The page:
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Light of Day Benefit Concerts Light Up Asbury Park

Bob Benjamin's Winterfest Birthday Bash raises funds for Parkinson's Disease


Bob Benjamin was another music-struck student at the University at Buffalo, using his entrepreneurial spirit to run a buy/sell/trade record co-op in a UB basement. After a chance meeting with Bruce Springsteen and Clarence Clemons, Benjamin offered advice on marketing the E Street Band’s merchandise, and began a lifelong friendship with the Boss and his E Street bandmembers.

After college, Benjamin went on to work in the music industry, first at Billboard, then in marketing, consulting for artists and record companies—a career likely conceived when he took Springsteen and friends on that impromptu tour of Buffalo, in 1978. Just as he was hitting his stride, however, Benjamin was diagnosed with Parkinson’s Disease, in 1996.

Benjamin transformed his own 40th birthday party into a fundraiser for Parkinson’s. The following year, it evolved—bigger and brasher, into the Light of Day concert held at the famed Stone Pony club in Asbury Park, the home stage of many important rockers, including Bruce Springsteen and Southside Johnny. Since then, the event has grown each year, and now the Light of Day Foundation, a 501(c)(3) nonprofit organization, produces annual fund-raising concert events in multiple cities and countries, including, for the third year, in Australia.

The Light of Day Winterfest 2017: The Beat Goes On, is set for Jan. 6 through 16. including what is now an Asbury Park five-day event, put on at the Stone Pony, the larger Paramount Theater and elsewhere in Asbury Park, on days close to Benjamin’s birthday, plus New York (Jan. 11), Philadelphia (Jan. 7), and other NJ locales, 30 venues in all. Last year the event raised $525,000. The stages have been graced by such talent as Joe Grushecky, Joe D’Urso, Dawne Allyne (Benjamin manages all three), Lucinda Williams, Bruce Springsteen (who recently revealed that his father suffered from Parkinson’s), Jakob Dylan, Pete Yorn, Southside Johnny and Michael J. Fox, as well as fellow UB grad Willie Nile.

Joe Grushecky
Joe Grushecky

Joe Grushecky helped build the ground floor of the Light of Day. Bob Benjamin was managing Grushecky when Benjamin was diagnosed and had his 40th birthday get-together. The first year it was just a small group of friends, but the following year Benjamin said, “Let’s do something a little bit bigger, and have a concert.” Headlining the Stone Pony as Joe Grushecky and the Iron City Houserockers and working quite a bit with Springsteen in those days, Grushecky gave Bruce a call. “I asked him if he could come play with us and support the cause, and he was kind enough to do that,” Grushecky said. “And I’ve been hitting up everybody ever since.”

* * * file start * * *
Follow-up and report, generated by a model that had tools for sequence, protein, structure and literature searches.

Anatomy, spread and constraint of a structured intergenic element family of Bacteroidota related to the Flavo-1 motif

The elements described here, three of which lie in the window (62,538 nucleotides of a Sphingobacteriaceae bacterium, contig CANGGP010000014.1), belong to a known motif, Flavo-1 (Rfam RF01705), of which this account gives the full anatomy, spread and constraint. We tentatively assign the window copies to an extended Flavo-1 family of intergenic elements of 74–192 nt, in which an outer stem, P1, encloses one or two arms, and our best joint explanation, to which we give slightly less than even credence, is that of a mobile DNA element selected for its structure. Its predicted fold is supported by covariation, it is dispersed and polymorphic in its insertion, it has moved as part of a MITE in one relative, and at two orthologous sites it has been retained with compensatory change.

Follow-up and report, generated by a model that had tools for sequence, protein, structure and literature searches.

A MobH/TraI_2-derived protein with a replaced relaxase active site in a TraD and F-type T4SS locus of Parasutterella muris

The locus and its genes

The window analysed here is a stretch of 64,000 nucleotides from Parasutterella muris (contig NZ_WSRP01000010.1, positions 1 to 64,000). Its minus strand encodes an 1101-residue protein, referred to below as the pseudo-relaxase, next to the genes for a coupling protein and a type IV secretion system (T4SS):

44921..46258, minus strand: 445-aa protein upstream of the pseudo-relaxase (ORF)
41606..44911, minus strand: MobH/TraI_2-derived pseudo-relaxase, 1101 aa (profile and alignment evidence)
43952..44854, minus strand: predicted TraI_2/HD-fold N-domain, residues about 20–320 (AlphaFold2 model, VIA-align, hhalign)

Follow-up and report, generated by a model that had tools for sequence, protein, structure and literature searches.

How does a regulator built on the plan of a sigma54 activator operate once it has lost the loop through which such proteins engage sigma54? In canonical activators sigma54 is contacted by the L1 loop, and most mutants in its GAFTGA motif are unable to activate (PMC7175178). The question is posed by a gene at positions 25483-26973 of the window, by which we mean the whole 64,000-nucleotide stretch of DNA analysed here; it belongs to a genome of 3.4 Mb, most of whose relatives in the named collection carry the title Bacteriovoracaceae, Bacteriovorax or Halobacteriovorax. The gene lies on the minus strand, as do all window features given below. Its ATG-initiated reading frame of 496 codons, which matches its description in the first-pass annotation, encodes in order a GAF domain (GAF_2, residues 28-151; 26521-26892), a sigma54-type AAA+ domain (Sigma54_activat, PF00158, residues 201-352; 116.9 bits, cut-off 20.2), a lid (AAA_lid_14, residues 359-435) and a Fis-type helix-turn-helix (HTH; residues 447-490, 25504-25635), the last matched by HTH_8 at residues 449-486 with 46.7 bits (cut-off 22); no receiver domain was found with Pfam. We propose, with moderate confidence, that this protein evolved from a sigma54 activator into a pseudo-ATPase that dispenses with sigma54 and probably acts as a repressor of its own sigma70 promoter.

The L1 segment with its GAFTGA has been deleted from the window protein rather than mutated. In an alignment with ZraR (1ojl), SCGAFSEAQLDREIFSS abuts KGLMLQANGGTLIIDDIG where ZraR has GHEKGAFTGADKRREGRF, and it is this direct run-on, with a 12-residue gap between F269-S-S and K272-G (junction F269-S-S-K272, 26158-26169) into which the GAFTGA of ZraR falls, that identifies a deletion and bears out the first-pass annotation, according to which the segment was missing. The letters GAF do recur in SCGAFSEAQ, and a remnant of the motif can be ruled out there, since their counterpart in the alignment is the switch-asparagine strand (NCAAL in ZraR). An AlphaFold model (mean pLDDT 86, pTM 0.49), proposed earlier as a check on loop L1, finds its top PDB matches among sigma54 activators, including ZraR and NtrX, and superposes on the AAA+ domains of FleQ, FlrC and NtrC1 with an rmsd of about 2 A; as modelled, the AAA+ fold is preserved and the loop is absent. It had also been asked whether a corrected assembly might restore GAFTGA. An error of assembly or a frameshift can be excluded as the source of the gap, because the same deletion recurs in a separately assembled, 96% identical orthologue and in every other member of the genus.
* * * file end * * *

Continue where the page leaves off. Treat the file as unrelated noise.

Richard Barone; Photo by Mick Rock

“Hitting up everybody ever since” is not entirely accurate. “In the old days I would have to ask people, but now you have to keep people away—it’s taken on a life of its own,” Grushecky admitted. He hasn’t missed one year himself, usually doing two days of the now five-day Asbury Park portion of Winterfest. “It’s a family thing,” the Pittsburgh-based Special Ed teacher said. “My son has been involved, my family helps out, and we go to New Jersey and are there from Friday through Sunday every year.” He usually does two gigs, but this year he’s in for three.

Richard Barone, frontman for the Bongos, was a radio DJ at seven, sang with Pete Seeger and co-produced Seeger’s last record, mounts shows at Carnegie Hall and the Hollywood Bowl, records and teaches at NYU’s Tisch Center. He’s a busy guy. But for ten years, Barone has reserved weeks in January for the Light of Day. “It’s part of my holiday celebration time—part of my New Year’s is the Light of Day.”

Barone had also worked with Alejandro Escovedo, Willie Nile and Joe d’Urso. Ten years ago, he was asked to tour England with them for the Light of Day. Barone described that tour as “a family thing.”

“I think that’s how Light of Day was built,” he said. “It’s a very communal organization. If you look at the rosters, you’ll see recurring members of the family, and I think I was invited to be part of that family.” Barone compares the Light of Day to Woodstock: people of a certain age and a certain mentality, coming together. “Light of Day is in that spirit. The music becomes part of the experience. The celebrity-driven thing with Bruce and others, that’s one part of it, but the other part is that people want to get together to celebrate life, and do something to help others. I think that is the underlying meaning of Light of Day.”

Garland Jeffreys